Bay of Blood is not a distinctive slasher movie because its gore effects are more bombastic than its bloodthirsty peers, because it has as high a number of killers as victims, because the final twist is more unexpected than Jason’s mom coming out of the bushes and scaring the bejeezus out of Adrienne King. Anyone can be creative with their bloodbaths and their bad guys and their jolts. Bay of Blood, by contrast, is such a distinctive horror movie because of Mario Bava, Mario Bava, and MARIO BAVA. He’s a cinematographer. A director. A writer. A visual stylist. A provocateur. We couldn’t care less about who lives and who dies. Bay of Blood is Bava’s show, its scrappiness unprecedented by any slasher flick in its category.
Consider its obstacles. The majoroty of Bava’s previous films, like Black Sunday, Blood and Black Lace, and Kill, Baby, Kill, were opulent horror movies sumptuous in their visual stylings, death-defying in their dread; box-office success was more or less unavoidable. But by the 1970s, Bava’s relentless artistic prowess had staled in favor of new mavens like Dario Argento. Decently high budgets withered away, and so did audiences. But Bava’s spirit never died, and despite setbacks from the lack of money pumping into each scene, Bay of Blood feels alive, opposite of the dead-on-arrival monotony of later splatter-fests of the Friday the 13th mindset. His enthusiasm shines through the shoestring chintz.
It follows the blitz that won’t seem to leave the bay of Countessa Federica Donati (Isa Miranda) alone, following her intricate murder. (Consider that her husband stages her death to look like a suicide, only to get knifed just a few seconds later by an unknown assailant.) With her demise leaving the sizable property ownerless, it sets the stage for a madcap race for its takeover, that race being soaked in blood, guts, and flesh. Participants (and/or victims) in the nasty competition are kept under the impression that their plan to claim ownership is foolproof; but with so many people keen to fill the shoes of the Countessa, self-confidence seems trivial.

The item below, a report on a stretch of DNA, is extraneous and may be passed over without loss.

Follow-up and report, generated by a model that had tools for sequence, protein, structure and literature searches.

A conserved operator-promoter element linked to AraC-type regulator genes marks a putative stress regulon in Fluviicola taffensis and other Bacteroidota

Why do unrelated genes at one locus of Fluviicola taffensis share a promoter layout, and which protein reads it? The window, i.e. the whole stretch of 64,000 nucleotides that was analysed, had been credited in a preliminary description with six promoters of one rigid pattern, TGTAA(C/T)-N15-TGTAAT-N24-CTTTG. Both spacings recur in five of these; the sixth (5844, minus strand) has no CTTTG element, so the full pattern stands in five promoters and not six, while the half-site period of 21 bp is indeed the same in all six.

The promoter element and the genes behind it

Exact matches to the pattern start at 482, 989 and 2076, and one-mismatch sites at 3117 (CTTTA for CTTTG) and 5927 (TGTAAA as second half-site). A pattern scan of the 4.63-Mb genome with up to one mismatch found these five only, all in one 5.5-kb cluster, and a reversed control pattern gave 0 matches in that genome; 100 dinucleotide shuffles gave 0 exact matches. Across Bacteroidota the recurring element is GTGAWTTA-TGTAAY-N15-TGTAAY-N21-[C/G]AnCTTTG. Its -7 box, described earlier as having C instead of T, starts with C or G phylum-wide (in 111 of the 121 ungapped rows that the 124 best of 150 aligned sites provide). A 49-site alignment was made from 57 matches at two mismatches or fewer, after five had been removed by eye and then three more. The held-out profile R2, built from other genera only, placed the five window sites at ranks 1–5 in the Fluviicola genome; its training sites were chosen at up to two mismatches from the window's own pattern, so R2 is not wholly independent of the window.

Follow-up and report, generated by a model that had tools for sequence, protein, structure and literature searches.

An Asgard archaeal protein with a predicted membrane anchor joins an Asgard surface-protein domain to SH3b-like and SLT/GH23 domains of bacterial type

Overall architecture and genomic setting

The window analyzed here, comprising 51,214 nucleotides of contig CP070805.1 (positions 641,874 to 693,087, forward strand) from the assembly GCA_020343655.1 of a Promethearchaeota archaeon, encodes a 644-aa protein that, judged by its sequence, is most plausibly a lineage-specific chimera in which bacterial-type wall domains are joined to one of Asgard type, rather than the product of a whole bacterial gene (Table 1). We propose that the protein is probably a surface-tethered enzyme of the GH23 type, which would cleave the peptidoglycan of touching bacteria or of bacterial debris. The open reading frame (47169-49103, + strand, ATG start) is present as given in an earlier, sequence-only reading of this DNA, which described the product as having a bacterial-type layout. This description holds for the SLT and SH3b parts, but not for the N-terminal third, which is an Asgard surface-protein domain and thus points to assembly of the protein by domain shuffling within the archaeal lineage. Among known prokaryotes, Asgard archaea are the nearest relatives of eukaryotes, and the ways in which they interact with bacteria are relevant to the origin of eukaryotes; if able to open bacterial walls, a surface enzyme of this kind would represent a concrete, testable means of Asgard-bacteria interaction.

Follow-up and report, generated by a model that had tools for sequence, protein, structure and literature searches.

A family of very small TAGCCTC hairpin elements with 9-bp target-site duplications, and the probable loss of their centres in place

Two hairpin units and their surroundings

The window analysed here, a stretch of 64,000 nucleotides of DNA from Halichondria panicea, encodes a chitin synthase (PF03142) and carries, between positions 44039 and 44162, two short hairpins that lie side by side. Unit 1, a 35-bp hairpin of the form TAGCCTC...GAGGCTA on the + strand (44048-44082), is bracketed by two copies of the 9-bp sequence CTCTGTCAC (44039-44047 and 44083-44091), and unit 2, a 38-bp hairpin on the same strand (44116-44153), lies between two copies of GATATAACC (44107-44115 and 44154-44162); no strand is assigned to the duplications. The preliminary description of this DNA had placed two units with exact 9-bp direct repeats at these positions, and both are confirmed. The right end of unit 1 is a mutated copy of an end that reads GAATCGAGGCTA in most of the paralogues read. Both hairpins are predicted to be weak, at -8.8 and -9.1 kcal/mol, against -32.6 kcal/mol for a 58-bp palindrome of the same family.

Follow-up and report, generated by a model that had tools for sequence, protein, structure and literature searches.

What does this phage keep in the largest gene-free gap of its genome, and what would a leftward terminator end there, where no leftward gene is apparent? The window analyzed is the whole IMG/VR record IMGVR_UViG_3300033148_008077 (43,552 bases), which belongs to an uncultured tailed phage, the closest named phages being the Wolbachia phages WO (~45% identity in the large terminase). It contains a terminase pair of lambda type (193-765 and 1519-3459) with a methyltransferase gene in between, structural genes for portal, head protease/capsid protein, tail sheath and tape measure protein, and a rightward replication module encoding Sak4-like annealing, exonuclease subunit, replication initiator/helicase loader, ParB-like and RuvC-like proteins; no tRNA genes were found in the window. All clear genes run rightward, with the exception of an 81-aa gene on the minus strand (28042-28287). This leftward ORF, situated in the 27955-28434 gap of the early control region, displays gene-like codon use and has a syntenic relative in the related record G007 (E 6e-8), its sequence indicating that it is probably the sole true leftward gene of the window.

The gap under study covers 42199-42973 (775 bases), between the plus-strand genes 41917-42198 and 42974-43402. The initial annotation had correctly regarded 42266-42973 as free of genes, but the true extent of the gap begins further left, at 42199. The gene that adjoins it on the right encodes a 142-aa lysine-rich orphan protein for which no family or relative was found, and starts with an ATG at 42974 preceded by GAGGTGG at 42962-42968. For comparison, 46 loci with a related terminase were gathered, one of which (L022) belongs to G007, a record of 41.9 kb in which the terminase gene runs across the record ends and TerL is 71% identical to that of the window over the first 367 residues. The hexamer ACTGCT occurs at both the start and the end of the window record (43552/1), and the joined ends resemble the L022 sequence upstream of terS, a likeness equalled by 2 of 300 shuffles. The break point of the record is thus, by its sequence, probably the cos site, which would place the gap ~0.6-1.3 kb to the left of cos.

Never mind the fact that the property isn’t even that nice and it’s a shock that so many people want it, that there’s no way that that many murderers would want the same prize, that the teenagers that break into the bay’s beachfront home early in the film die simply because stakes have to be raised for paranoia to seep. Bay of Blood is an exciting horror movie because it is helmed by a master of the genre, working his usual magic in ways updated to the time period.
In the 1960s, he rendered his films either in unsettlingly shadowy Technicolor or in eerie, Gothic black and white. He mostly working with the supernatural, but settling down for precursing Halloween every once in a while just for the thrill of it was a thing, too. As Bava aged, though, his carousel of colors toned down to fit the cynicism of the era, camera techniques relying less on pigmentation and more on long-tracking shots, quick cuts, and inventive zooms. The gritty, considerate photographic style exponentially increases the suspense; all the gore wouldn’t mean much if not for Bava’s optical splendor, his cinematographic patience.
It’s not hard to admit that Bay of Blood would be a subpar slasher movie if not for Bava’s directorial fervor — the story is rote, the acting even worse — but nothing is more electrifying than a filmmaker making something out of nothing, with originality, no less. If it had the same Technicolor heftiness of his ‘60s films, Bay of Blood would perhaps be a masterpiece. But for now, taking his earlier, more subtle works into consideration, it’ll have to do. B